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Afterpain.p65

Guillain-Barré Syndrome Support Group
After GBS — Pain
This series of guides is produced by the Guillain-Barré Syndrome Support Group. We are aregistered charity that supports those affected by the Guillain-Barré syndrome (GBS) and relatedconditions in the United Kingdom and the Republic of Ireland. The related conditions includechronic inflammatory demyelinating polyradiculoneuropathy (CIDP) and Miller Fisher syndrome(MFS).
Our guides are easily downloaded from our Web site at www.gbs.org.uk in PDF format and maybe both read and printed using free Adobe Reader software. Alternatively, you can request printedcopies from our office.
For information and support, ring our helpline on 0800 374 803
In the Republic of Ireland, call 0044 1529 415278
by Dr B Lecky, Consultant Neurologist, Walton Centre, Liverpool. First published in
After GBS
, edited by Jane Tempest-Roe, Administrator GBS Support Group.
Pain in GBS may never be a problem but can occur in three main situations: In the acute stage of the illness, some patients experience spinal pain, most commonly low backpain, and this may even be the presenting feature. The pain is thought to be due to acuteinflammation of the nerve roots in the spine. The pain can sometimes be severe and may requirestrong analgesics (pain killers). It does however usually settle.
In the acute stage of the illness, if weakness is severe, many patients experience non-specificgeneral discomfort because of the inability to move and obtain the normal relief of a morecomfortable position of the limbs or body. This particularly applies to ventilated patients whohave the added difficulty in communicating with their nurses. Although pain killers and tricyclicdrugs such as amitriptyline (Tryptizol®) may be needed, particularly if sleep is very interrupted,this problem is considerably helped by nurses and physiotherapists being aware of the patient’sdiscomfort and aiding movement.
Usually in the early recovery phase, some GBS patients experience painful pins and needles(paraesthesiae) or other unpleasant sensations, such as burning feelings in the hands and feet.
These symptoms tend not to respond to analgesics, but usually respond to some anticonvulsantdrugs such as carbamazepine (Tegretol®), and gabapentin (Neurontin®) sometimes withamitriptyline. The problem does tend to resolve as recovery proceeds.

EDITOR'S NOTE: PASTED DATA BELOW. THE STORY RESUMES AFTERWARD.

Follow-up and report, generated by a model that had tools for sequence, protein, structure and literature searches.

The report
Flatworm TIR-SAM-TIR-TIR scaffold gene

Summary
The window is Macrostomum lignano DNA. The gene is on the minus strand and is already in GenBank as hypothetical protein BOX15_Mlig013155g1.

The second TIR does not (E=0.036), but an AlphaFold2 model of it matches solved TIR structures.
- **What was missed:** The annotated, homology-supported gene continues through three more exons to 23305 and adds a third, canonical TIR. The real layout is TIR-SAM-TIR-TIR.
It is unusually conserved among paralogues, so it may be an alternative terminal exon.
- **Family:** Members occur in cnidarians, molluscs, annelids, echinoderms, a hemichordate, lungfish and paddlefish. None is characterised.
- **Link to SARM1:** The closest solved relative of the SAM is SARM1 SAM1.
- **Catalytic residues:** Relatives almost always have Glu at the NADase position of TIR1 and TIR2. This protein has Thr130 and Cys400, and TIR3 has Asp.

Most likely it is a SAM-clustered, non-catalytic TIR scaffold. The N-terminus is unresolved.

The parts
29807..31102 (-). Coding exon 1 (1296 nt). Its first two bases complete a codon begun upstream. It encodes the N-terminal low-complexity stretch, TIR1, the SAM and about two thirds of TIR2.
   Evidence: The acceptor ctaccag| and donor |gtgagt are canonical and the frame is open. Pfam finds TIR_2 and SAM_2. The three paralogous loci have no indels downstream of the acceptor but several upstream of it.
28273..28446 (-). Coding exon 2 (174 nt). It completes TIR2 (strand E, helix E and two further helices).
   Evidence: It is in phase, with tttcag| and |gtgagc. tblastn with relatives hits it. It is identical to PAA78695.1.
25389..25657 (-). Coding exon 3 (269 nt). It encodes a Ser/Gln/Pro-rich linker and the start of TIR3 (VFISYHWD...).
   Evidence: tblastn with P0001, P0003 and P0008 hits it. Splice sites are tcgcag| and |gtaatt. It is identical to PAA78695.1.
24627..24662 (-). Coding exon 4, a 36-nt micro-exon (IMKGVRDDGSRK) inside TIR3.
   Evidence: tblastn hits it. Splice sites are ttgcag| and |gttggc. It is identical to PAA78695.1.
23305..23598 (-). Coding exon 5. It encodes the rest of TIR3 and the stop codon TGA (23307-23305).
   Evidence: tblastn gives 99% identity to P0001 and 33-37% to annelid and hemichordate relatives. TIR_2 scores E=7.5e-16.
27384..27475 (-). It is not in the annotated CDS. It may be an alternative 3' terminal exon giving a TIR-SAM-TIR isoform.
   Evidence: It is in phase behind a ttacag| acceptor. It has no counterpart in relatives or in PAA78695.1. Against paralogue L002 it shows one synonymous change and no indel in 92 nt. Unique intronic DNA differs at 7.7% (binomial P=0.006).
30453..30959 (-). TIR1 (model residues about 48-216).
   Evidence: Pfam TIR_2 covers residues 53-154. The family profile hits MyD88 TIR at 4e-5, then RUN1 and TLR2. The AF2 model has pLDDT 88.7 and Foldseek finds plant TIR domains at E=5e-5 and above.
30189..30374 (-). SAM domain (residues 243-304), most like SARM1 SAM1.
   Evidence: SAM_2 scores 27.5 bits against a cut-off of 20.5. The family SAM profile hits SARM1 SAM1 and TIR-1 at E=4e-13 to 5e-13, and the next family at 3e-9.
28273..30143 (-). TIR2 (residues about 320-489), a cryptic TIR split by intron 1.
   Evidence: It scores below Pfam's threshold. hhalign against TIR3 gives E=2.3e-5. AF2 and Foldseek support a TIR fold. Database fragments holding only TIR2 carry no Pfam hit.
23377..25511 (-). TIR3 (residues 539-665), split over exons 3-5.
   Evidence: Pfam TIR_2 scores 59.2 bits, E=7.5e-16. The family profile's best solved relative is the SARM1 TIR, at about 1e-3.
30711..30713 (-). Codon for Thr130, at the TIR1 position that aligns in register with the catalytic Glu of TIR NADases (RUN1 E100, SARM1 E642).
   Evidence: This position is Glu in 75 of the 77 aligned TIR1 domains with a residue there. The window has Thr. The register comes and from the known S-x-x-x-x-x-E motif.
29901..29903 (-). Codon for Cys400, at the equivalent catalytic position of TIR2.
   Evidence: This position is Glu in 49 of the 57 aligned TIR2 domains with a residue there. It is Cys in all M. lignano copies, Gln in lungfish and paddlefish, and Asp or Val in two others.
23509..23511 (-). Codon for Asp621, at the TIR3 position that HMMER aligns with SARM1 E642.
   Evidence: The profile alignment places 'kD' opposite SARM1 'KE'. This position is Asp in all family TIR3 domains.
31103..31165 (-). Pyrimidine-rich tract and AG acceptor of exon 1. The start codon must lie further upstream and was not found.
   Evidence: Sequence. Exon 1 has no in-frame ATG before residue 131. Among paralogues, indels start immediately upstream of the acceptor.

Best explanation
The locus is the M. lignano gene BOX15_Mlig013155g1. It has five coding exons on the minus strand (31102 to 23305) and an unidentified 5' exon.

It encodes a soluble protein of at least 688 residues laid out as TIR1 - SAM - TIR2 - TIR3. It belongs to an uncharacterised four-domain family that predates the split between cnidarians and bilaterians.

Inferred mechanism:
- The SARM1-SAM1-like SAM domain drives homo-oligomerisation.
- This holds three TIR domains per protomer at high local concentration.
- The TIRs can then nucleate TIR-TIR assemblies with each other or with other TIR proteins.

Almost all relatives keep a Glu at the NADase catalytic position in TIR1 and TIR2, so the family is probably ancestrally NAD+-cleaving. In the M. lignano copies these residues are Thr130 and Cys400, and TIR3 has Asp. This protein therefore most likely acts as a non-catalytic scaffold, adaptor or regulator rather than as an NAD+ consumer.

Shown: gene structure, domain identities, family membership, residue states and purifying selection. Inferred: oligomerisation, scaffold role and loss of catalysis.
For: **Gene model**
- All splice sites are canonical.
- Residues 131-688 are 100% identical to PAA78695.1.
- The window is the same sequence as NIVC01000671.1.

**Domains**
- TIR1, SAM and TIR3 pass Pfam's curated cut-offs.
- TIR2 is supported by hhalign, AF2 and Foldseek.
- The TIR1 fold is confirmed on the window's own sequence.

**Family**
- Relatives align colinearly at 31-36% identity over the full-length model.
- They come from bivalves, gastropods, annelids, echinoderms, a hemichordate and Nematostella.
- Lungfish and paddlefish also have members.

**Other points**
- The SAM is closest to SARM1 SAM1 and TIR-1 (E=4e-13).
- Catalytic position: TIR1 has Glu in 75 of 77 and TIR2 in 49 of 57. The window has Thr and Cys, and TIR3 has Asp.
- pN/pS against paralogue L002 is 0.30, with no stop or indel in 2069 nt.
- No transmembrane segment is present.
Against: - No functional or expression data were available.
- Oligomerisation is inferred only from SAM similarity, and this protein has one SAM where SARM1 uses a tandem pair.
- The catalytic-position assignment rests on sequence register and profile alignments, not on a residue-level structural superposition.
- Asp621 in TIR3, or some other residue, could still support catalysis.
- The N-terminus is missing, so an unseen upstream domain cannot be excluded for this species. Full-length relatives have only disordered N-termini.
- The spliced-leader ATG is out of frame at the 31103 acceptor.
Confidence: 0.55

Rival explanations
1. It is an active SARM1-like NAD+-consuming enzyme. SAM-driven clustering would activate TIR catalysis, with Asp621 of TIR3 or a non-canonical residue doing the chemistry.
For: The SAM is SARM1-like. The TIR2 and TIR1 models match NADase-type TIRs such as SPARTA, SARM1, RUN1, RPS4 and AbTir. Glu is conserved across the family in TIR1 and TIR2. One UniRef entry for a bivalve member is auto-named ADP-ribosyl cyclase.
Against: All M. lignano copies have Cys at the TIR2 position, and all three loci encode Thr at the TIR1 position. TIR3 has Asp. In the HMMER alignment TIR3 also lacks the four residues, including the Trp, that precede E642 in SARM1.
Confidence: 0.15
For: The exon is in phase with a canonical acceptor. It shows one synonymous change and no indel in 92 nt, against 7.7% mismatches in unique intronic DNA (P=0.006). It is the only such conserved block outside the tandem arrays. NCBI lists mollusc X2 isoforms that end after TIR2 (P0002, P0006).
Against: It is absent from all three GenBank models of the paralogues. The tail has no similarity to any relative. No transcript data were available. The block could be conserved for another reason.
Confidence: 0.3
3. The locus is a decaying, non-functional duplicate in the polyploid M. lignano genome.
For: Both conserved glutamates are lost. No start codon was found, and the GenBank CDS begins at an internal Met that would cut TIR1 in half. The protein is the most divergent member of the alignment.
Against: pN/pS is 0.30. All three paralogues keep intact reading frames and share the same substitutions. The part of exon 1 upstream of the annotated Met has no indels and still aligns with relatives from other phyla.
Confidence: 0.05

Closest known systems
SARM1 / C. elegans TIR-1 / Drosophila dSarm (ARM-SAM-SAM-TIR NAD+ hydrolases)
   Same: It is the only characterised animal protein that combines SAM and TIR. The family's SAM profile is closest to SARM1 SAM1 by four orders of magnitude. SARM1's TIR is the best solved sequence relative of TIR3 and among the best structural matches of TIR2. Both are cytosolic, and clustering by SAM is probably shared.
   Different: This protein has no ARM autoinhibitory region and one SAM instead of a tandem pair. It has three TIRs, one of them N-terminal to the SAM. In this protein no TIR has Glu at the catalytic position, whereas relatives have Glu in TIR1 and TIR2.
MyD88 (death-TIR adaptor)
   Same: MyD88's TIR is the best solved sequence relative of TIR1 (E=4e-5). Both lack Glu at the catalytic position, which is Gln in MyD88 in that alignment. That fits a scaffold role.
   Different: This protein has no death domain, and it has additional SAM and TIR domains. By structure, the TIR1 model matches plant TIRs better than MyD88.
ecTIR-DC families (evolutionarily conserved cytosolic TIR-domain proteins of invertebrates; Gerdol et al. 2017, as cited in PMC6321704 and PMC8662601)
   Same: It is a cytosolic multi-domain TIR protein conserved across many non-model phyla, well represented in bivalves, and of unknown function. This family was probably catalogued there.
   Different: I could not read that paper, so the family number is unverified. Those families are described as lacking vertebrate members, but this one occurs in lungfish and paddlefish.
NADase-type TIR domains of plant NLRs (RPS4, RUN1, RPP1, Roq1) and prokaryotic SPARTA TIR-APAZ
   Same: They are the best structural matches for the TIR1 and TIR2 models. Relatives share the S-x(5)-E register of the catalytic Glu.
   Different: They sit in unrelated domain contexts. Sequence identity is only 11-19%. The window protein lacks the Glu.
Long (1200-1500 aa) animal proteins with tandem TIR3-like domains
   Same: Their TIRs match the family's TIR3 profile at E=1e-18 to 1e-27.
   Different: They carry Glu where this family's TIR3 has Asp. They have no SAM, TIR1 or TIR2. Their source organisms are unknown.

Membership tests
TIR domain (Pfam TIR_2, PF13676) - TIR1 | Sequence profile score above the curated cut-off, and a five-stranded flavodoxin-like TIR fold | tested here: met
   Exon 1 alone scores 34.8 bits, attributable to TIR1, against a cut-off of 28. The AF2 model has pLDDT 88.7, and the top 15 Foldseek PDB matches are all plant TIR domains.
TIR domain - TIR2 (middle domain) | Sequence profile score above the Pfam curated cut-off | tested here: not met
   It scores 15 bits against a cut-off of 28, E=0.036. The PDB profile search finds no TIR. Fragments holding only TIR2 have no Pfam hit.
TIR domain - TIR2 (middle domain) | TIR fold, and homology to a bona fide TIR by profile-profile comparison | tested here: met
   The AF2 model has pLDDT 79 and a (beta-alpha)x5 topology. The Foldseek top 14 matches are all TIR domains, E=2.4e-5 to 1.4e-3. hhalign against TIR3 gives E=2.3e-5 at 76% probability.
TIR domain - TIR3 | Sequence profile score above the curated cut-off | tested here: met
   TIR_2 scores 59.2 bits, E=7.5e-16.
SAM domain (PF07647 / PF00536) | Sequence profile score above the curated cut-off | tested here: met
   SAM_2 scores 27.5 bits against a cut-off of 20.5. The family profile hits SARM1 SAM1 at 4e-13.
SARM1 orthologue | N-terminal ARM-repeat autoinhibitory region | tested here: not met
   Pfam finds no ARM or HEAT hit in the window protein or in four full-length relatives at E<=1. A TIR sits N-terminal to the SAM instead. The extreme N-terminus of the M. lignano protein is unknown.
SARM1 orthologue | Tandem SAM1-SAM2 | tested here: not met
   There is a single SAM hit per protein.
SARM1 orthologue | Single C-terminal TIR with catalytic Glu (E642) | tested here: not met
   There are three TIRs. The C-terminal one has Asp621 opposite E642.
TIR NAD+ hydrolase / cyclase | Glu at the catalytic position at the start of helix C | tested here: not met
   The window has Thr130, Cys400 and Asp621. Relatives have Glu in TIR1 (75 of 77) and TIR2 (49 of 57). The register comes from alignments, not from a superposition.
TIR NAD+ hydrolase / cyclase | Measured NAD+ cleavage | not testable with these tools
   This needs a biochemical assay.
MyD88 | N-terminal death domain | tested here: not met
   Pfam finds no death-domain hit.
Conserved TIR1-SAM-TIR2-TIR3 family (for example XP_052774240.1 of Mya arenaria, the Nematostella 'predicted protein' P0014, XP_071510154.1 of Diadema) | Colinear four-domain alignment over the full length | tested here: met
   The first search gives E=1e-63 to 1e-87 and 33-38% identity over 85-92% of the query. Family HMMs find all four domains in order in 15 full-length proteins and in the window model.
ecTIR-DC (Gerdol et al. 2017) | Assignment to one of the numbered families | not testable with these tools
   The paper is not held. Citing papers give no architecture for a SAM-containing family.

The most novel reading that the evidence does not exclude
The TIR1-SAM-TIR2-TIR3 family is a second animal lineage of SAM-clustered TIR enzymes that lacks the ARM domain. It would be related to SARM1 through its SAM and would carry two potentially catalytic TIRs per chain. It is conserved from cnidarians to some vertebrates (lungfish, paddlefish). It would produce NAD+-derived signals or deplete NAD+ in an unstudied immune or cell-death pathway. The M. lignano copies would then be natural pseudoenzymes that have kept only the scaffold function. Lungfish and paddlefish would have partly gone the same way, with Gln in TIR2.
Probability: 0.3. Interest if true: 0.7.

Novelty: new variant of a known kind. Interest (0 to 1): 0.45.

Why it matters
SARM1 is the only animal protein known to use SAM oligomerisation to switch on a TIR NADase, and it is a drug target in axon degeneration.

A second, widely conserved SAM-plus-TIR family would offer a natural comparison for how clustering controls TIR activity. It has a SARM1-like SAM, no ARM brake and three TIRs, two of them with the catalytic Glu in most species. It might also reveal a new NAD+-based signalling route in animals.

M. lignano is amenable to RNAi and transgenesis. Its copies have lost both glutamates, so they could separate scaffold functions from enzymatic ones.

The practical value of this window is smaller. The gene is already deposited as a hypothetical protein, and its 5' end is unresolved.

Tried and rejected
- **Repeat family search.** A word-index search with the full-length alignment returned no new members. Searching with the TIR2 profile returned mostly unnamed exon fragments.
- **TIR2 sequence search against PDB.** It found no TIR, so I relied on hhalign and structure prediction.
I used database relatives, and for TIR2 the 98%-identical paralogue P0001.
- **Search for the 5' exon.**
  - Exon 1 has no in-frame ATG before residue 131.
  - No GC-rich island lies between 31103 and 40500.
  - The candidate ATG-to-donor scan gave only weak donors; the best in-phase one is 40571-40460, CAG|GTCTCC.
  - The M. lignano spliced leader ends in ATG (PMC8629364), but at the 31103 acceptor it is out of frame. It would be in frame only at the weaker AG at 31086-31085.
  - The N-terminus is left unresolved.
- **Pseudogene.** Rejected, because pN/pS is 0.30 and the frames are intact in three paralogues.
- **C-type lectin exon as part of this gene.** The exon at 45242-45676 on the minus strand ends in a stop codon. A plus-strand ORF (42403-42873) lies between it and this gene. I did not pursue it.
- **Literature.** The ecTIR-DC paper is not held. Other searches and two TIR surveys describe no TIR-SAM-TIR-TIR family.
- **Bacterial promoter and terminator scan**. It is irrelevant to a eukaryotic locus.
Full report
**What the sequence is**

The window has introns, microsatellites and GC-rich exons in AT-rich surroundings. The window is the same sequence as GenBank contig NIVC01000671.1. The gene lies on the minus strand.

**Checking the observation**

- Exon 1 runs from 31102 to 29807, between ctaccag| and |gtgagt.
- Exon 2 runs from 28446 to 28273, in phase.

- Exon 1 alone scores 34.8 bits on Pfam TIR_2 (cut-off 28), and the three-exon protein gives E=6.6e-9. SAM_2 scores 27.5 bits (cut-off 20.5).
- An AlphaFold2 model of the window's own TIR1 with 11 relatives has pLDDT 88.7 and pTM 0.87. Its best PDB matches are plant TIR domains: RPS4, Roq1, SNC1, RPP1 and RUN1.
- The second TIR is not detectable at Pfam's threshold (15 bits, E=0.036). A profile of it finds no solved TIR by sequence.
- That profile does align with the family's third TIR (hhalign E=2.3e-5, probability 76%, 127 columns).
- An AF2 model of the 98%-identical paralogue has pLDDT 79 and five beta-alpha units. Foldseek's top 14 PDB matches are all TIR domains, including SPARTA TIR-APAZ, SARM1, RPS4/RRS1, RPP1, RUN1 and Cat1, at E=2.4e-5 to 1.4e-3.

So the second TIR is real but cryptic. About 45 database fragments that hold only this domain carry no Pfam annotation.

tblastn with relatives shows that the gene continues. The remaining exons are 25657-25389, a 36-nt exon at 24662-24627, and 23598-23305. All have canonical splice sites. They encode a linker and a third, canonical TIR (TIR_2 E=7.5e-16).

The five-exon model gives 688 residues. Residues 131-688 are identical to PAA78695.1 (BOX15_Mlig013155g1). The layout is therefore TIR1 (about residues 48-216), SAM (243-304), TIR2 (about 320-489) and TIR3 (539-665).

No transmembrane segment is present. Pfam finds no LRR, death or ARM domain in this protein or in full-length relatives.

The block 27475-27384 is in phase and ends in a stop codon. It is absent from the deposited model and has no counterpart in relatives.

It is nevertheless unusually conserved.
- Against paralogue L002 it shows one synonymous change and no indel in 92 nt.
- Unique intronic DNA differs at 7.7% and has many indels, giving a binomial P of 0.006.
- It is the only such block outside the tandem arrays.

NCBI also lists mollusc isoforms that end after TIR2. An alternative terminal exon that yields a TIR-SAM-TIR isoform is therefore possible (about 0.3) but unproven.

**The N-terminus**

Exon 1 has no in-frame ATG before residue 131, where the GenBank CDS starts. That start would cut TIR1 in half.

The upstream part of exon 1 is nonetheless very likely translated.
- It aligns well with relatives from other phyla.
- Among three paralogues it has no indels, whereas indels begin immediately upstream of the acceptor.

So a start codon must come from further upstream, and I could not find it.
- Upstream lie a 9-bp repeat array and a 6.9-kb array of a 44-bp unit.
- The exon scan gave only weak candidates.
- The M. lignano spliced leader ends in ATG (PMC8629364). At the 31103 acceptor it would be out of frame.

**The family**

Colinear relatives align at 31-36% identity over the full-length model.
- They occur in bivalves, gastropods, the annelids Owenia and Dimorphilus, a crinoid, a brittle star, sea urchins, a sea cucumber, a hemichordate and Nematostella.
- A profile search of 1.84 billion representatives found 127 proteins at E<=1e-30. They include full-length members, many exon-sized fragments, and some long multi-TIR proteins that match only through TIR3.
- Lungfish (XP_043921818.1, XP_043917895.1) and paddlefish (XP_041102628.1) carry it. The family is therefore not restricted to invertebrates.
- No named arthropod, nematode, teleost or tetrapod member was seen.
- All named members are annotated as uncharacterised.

As pain can make one irritable and difficult to live with at times, it is important that family andfriends are kept informed, so that they can understand the reason for such behaviour.
Remember that because the nerves to the hands and feet are the longest in the body, pain willlinger in the extremities after it has left other parts of the body.
Some helpful suggestions
Over-the-counter analgesics: paracetamol/acetaminophen (Tylenol®), aspirin, ibuprofenmay help mild pain. Stronger analgesics may sedate and be constipating.
Capsaicin, a topical analgesic cream, made from peppers. (Note. This has been reported tocause nerve damage in some patients.) TENS machines (portable battery-operated powered devices) stimulate the skin andunderlying nerves to block pain.
Foot baths, good chiropody. Massage / massage machines.
Foot cradles at night-time to keep the bed clothes from touching the feet, or apply anointment and loose fitting socks.
Heat therapy (hot water bottles with cold or hot water). Freezer blocks. (Heat generallyrelieves soreness, aches and pains, whereas coldness lessens pain sensations by numbingthe affected areas).
Support stockings/socks. Woollen socks, soft soled wide-fitting shoes, gloves.
Complementary therapies/herbal remedies.
Gentle exercise encourages the production of endorphins, which can have a direct influenceon the reduction of pain.
Consult your GP about a local pain clinic and/or pain management programme.
Help sources
(020) 7631 8870, www.britishpainsociety.org 0151 529 5820, www.painrelieffoundation.org.uk If after reading this guide you still have anxieties and unanswered questions, telephone our helplineon 0800 374803 (UK) or 0033 1529 415278 (RoI). Alternatively, you can e-mail us or registerfor support on-line The GBS Support Group is a registered charity and receives neither government nor Lotteryfunding. If you have found this guide helpful and would like to help us to continue publishingcopies for others affected by GBS and its related conditions, please consider making a donationto the Support Group. Secure donations may be made on line. Alternatively you can request aform from our office.
GBS Support Group, LCC Offices, Eastgate, Sleaford, Lincs, NG34 7EB Tel: 01529 304615 E-mail: admin@gbs.org.uk Web site: www.gbs.org.uk

Source: http://www.neuropatia.net/Pdf/afterpain.pdf

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